When "Shang-Chi and the Legend of the Ten Rings" hits movie theaters on Friday, it has the potential to do more than simply sell tickets at the box office.
The superhero movie, Marvel's first film featuring a predominantly Asian cast, is based on a character from a series of 1970s comic books with prejudiced undertones, screenwriter Dave Callaham told Inverse last month. During the film's production, Callaham said, filmmakers put together a "physical list" of racially charged content they were "looking to destroy" in their production.
"With [the history of] Asian representation in the media, it's not just that we've been invisible for a long time. It's beyond that," Callaham said. "We're the butt of jokes and stereotypes that are damaging."
"Shang-Chi" is the latest Marvel film built to address issues of racial stereotypes and injustice, following the success of 2018's "Black Panther," the highest-grossing movie directed by a Black filmmaker of all time. Other blockbuster films like "Crazy Rich Asians" and "In the Heights" have achieved similar effects in recent years, fueling national conversations around race and identity.
Experts say this is a positive development: Diversity in media can help people use characters and stories on screen to challenge their inherent biases, and explore their own questions around race and identity in their personal and work lives.
The new Marvel film's release coincides with a continued rise of anti-Asian incident reports in the United States, according to Stop AAPI Hate, a San Francisco-based nonprofit that tracks incidents of hate and discrimination against Asian Americans and Pacific Islanders in the U.S. The organization released new data last month showing that such physical assaults, vandalism and online hate incidents have all increased in 2021, compared to 2020.
One expert, Stanford University staff psychologist Helen Hsu, notes that representation in Hollywood has improved in recent years — but still has plenty of room to grow. Hsu has served as a mental health expert for Netflix and multiple universities, and spent much of her 20-year career specializing in combating anti-Asian discrimination and bias. She's also a self-described huge comic book fan.
Here, she details why Hollywood is vital to shaping America's point of view on minority communities, and recommends five questions you should ask yourself after watching any movie:
Over the last 10 years, Hsu says, filmmakers and movie studios have noticeably shifted toward telling more diverse stories — and, perhaps more notably, away from stories that could be viewed as tacitly misogynistic, homophobic or racist.
Some attempts have only partially succeeded, she notes. "In the Heights" and "Crazy Rich Asians" both featured "diverse" casts, but faced post-release backlash for a lack of representation in Afro-Latino and Southeast Asian communities, respectively. Disney's live-action version of "Mulan," released in last year, was praised by viewers for its beauty but criticized for inauthentically depicting Chinese culture.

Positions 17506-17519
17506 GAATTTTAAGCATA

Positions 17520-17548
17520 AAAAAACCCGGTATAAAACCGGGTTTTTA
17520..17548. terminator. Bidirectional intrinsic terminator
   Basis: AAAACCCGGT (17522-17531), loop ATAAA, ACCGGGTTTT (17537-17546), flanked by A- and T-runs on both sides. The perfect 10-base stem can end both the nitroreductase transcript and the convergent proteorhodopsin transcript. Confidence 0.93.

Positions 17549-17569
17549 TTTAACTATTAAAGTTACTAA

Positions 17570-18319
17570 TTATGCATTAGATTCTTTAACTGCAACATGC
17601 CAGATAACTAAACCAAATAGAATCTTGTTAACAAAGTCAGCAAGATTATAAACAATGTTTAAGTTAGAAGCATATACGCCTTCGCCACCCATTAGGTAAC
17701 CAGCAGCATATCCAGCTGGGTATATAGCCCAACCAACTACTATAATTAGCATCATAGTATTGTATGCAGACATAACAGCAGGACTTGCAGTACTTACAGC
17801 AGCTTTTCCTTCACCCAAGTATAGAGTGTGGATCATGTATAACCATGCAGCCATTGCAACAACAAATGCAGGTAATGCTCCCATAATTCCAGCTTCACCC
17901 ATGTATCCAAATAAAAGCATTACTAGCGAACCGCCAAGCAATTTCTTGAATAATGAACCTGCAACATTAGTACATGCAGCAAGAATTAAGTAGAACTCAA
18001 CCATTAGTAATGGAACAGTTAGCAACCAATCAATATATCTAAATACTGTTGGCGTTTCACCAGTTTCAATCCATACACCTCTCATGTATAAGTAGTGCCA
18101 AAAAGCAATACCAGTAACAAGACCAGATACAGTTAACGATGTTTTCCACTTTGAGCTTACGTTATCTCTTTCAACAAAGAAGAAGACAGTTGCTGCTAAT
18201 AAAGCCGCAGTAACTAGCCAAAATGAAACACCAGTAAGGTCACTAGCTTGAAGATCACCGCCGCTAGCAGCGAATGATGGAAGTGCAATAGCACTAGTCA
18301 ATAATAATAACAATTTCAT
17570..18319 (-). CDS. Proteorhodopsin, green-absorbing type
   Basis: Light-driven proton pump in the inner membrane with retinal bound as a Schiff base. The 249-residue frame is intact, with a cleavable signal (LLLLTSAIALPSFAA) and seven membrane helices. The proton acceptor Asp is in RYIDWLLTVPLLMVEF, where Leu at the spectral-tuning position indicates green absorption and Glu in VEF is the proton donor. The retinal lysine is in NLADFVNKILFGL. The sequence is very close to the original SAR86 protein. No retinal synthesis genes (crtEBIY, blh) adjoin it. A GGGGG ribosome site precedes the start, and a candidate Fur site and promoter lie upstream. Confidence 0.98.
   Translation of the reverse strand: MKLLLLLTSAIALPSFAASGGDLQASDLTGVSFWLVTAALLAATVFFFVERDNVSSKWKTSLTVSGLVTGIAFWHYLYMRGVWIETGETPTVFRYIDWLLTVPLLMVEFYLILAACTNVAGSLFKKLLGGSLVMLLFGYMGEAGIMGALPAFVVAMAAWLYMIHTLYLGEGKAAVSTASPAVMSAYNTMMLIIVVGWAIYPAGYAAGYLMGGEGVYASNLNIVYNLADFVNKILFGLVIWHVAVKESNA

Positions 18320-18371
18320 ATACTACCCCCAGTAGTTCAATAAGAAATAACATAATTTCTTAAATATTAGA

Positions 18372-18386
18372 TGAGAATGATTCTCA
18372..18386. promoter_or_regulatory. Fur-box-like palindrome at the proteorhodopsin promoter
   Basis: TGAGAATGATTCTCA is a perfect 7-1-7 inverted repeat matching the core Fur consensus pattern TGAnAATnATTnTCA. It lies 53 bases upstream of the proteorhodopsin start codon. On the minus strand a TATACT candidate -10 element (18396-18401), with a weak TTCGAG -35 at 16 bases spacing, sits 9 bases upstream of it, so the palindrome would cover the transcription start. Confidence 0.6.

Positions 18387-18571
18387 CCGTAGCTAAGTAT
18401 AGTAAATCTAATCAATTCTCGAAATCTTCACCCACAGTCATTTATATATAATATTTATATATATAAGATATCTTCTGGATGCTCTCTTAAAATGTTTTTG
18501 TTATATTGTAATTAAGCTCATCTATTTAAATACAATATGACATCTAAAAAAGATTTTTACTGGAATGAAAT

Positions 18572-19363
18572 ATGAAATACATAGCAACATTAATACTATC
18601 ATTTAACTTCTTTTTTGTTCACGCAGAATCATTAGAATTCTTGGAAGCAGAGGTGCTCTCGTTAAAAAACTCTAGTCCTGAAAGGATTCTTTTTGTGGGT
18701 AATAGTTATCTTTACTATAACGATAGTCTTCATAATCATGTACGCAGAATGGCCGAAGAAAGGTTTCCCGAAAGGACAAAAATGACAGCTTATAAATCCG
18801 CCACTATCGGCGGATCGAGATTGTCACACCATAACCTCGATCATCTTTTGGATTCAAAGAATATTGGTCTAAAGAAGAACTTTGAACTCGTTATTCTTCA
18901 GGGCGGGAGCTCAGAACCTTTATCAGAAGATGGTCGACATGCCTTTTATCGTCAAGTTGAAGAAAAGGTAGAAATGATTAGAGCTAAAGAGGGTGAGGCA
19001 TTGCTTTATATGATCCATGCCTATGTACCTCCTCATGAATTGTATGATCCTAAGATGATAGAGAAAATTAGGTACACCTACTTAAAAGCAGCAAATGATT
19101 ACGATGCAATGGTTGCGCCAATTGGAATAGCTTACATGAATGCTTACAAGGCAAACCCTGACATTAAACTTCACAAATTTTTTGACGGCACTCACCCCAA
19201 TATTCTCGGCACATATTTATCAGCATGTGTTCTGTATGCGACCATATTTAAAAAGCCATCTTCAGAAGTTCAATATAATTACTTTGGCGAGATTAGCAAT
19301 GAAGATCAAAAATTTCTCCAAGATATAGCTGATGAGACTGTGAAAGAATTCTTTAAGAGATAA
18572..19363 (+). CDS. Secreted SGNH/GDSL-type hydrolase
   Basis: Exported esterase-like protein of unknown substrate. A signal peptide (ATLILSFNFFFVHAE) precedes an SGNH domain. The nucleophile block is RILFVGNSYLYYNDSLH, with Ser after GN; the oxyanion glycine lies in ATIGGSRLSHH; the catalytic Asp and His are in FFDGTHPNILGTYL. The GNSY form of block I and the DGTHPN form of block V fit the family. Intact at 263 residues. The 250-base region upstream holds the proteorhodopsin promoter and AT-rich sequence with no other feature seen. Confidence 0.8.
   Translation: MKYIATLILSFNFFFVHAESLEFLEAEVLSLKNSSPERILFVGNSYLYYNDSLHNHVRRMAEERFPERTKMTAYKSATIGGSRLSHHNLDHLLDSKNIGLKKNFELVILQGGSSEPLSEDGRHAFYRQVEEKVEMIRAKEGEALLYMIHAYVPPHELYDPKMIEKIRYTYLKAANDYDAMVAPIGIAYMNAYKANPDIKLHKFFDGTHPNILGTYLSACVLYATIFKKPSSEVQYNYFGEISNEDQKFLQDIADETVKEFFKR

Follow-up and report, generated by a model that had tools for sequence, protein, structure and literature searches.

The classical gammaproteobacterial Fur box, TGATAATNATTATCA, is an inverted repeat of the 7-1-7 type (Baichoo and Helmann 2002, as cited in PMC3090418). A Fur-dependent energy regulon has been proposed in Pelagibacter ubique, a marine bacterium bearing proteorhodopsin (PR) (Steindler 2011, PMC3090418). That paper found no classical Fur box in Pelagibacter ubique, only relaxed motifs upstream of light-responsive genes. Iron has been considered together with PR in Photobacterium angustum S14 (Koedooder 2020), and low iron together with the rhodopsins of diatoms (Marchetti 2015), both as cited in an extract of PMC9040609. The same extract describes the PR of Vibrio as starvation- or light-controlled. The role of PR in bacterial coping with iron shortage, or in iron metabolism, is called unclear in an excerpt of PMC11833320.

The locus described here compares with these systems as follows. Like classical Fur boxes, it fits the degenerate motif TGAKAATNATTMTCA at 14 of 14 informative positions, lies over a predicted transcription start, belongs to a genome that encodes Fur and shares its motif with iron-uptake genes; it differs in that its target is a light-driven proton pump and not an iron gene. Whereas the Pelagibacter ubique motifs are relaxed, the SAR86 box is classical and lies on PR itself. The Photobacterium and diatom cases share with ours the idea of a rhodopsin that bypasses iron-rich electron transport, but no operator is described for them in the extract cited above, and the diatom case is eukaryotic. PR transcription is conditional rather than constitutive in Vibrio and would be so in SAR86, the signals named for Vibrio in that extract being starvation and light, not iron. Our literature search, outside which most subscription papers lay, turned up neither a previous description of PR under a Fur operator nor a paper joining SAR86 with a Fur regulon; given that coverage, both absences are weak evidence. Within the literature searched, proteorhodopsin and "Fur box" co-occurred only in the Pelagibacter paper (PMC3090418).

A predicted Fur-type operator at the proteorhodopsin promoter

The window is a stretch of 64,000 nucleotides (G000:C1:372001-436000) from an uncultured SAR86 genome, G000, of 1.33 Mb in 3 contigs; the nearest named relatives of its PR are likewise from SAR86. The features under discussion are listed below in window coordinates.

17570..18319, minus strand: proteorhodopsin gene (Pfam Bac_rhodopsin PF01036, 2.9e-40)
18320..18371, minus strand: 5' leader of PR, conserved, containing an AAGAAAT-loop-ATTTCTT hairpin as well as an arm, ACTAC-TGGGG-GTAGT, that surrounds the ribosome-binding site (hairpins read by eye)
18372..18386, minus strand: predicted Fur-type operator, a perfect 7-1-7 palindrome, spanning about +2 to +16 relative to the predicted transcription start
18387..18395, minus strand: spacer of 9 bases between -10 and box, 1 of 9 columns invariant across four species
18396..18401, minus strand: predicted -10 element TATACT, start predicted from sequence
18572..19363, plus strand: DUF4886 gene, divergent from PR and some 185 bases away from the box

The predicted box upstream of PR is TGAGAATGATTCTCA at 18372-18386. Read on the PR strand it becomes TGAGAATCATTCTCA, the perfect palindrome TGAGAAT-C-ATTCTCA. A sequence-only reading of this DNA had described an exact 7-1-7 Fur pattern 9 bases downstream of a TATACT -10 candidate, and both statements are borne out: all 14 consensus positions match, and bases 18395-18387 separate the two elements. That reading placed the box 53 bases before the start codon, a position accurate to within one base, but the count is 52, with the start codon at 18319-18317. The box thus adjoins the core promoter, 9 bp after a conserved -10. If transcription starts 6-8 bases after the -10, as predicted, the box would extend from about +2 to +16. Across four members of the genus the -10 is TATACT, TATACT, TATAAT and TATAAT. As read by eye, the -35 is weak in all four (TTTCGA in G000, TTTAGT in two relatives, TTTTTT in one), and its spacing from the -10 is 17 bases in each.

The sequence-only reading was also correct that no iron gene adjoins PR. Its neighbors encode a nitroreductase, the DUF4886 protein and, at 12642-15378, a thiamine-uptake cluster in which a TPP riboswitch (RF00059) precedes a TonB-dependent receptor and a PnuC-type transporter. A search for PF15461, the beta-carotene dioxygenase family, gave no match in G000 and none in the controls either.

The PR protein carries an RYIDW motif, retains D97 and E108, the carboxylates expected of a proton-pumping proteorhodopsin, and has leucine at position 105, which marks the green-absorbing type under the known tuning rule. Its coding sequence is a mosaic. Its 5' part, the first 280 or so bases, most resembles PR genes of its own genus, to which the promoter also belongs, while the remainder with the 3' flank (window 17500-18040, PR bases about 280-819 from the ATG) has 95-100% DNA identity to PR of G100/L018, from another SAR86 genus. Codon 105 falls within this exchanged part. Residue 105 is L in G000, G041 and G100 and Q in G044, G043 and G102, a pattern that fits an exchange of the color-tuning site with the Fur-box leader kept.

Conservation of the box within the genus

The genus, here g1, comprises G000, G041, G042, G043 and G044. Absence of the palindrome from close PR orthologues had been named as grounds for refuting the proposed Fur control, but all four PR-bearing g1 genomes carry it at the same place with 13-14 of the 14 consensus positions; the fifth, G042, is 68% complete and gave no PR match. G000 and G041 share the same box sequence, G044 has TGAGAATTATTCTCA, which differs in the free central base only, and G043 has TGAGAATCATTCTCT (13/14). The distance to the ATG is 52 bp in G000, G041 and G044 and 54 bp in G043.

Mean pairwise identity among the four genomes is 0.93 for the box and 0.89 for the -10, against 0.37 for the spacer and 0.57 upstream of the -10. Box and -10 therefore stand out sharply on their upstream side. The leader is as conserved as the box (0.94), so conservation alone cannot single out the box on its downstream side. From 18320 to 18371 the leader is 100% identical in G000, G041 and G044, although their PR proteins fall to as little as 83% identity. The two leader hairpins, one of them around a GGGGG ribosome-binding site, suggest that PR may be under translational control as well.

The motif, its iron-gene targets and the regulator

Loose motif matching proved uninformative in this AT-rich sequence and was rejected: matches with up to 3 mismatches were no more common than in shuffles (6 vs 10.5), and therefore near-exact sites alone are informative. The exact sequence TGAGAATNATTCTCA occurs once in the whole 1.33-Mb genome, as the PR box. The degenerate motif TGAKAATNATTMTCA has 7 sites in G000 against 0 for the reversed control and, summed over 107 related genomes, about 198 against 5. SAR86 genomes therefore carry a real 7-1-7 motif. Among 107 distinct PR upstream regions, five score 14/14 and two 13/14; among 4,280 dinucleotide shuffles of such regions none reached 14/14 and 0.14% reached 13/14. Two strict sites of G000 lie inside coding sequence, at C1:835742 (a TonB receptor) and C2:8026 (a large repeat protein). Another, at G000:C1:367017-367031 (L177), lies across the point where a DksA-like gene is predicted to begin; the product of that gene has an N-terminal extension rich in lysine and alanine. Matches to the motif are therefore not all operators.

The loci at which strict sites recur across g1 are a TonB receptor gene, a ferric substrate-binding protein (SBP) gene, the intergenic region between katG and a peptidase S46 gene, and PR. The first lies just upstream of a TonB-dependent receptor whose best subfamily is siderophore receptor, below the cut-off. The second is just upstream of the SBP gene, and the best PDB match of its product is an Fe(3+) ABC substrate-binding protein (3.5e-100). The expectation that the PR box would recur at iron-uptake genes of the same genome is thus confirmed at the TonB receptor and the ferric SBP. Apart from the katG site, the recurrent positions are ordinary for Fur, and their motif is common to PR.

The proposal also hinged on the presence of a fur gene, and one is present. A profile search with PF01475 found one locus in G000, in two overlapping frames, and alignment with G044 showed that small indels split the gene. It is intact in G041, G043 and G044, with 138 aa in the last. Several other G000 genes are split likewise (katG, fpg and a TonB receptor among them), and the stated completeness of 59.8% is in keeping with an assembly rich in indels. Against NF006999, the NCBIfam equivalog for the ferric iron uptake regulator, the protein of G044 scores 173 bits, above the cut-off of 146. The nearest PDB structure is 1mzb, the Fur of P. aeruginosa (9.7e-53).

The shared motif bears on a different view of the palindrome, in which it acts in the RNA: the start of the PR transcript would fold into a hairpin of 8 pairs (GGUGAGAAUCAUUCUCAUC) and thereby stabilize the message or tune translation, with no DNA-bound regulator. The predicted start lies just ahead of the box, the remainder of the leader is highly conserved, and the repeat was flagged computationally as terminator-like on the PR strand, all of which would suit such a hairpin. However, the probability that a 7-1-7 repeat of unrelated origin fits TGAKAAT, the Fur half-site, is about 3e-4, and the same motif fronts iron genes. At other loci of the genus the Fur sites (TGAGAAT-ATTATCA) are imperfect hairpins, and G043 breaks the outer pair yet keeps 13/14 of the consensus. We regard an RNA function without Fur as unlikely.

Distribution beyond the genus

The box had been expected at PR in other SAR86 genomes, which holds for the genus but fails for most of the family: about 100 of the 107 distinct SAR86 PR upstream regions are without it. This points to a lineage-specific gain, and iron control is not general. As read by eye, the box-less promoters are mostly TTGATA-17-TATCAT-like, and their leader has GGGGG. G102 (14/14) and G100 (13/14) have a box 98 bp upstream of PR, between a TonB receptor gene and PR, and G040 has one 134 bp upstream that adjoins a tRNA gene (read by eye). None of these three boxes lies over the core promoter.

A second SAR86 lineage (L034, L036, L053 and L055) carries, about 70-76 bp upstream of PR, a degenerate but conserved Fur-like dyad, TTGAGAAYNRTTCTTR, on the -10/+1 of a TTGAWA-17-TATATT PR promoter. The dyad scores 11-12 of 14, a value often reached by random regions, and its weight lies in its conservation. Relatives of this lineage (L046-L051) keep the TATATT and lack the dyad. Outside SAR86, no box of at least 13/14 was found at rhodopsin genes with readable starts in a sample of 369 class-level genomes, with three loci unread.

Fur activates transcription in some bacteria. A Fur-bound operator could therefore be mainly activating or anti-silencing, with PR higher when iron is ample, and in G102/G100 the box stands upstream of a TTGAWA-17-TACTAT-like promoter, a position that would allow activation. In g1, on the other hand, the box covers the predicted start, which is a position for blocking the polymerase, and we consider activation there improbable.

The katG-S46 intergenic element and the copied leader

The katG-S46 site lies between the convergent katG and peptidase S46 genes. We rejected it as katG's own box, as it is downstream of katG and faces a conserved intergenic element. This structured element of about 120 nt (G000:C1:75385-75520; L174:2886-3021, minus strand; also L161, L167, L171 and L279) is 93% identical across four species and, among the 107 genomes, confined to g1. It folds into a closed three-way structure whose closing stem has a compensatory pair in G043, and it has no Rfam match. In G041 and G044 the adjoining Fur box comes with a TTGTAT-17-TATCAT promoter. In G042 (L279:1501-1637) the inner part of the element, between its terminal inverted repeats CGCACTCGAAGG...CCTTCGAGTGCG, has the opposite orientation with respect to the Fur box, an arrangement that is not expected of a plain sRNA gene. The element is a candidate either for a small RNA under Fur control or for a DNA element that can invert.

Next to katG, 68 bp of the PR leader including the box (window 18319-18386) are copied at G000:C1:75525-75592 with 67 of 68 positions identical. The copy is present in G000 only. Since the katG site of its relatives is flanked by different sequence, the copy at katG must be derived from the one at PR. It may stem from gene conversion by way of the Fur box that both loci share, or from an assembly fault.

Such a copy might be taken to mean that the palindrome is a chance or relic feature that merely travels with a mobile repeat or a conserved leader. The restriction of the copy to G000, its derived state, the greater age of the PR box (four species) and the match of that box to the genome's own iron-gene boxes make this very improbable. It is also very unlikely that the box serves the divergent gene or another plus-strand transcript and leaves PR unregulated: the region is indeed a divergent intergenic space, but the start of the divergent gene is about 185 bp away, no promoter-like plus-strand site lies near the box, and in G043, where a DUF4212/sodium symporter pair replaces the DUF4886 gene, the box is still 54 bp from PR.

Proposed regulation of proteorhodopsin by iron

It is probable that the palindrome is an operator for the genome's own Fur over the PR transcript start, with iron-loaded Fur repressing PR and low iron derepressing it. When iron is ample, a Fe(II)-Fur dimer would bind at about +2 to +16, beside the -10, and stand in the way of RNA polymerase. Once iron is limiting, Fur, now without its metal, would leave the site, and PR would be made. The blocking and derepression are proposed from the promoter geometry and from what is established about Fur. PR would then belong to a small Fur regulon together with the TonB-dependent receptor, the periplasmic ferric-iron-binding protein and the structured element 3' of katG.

Hsu has yet to see "Shang-Chi," but says that Callaham's comments indicate a "cultural humility" from the filmmakers. That bodes well, she argues: Movies made with cultural humility can help audiences meet characters that challenge their biases, some of which may come from decades of inaccurate portrayals in media.
"For Asians, its about seeing themselves as heroes or attractive," says Hsu. "And for non-Asian Americans, it's about relating to this person who in other media or even life has been seen as this dehumanized other."
A point of comparison, she says: More Americans started supporting marriage equality once they realized that some gay couples seeking unions were their friends and neighbors. Similarly, Hsu notes, films play a role in creating pathways to psychologically identify and better understand different communities, as long as audiences are willing to put in the work.
Entertainment is "ultimately about hearts and minds," Hsu says. "Touching people's hearts and being relatable is how we get over the [mind's] defensiveness and the narrowness."
After watching a movie, Hsu recommends reflecting on questions like:
- What prejudices do I have that the film challenged?
- How have I seen these types of characters portrayed in other films?
- Do I relate to any character or members of the cast?
- Can I identify anyone from the film in my daily life?
- How does this change the way I think or feel?
Like checking for blind spots while driving, Hsu explains, identifying an implicit or unconscious bias can help you fix it. For example, she says, asking these questions after watching "In The Heights" may make you realize that you've mostly seen Latinos on screen as gangsters or servants. Replacing those kinds of negative characterizations with new, positive associations can affect the way you interact with people in your everyday life.
The questions can also help you push past a movie's specific focus, Hsu says: "Be able to say I really liked this movie, and of course, I realize most Asians aren't crazy rich."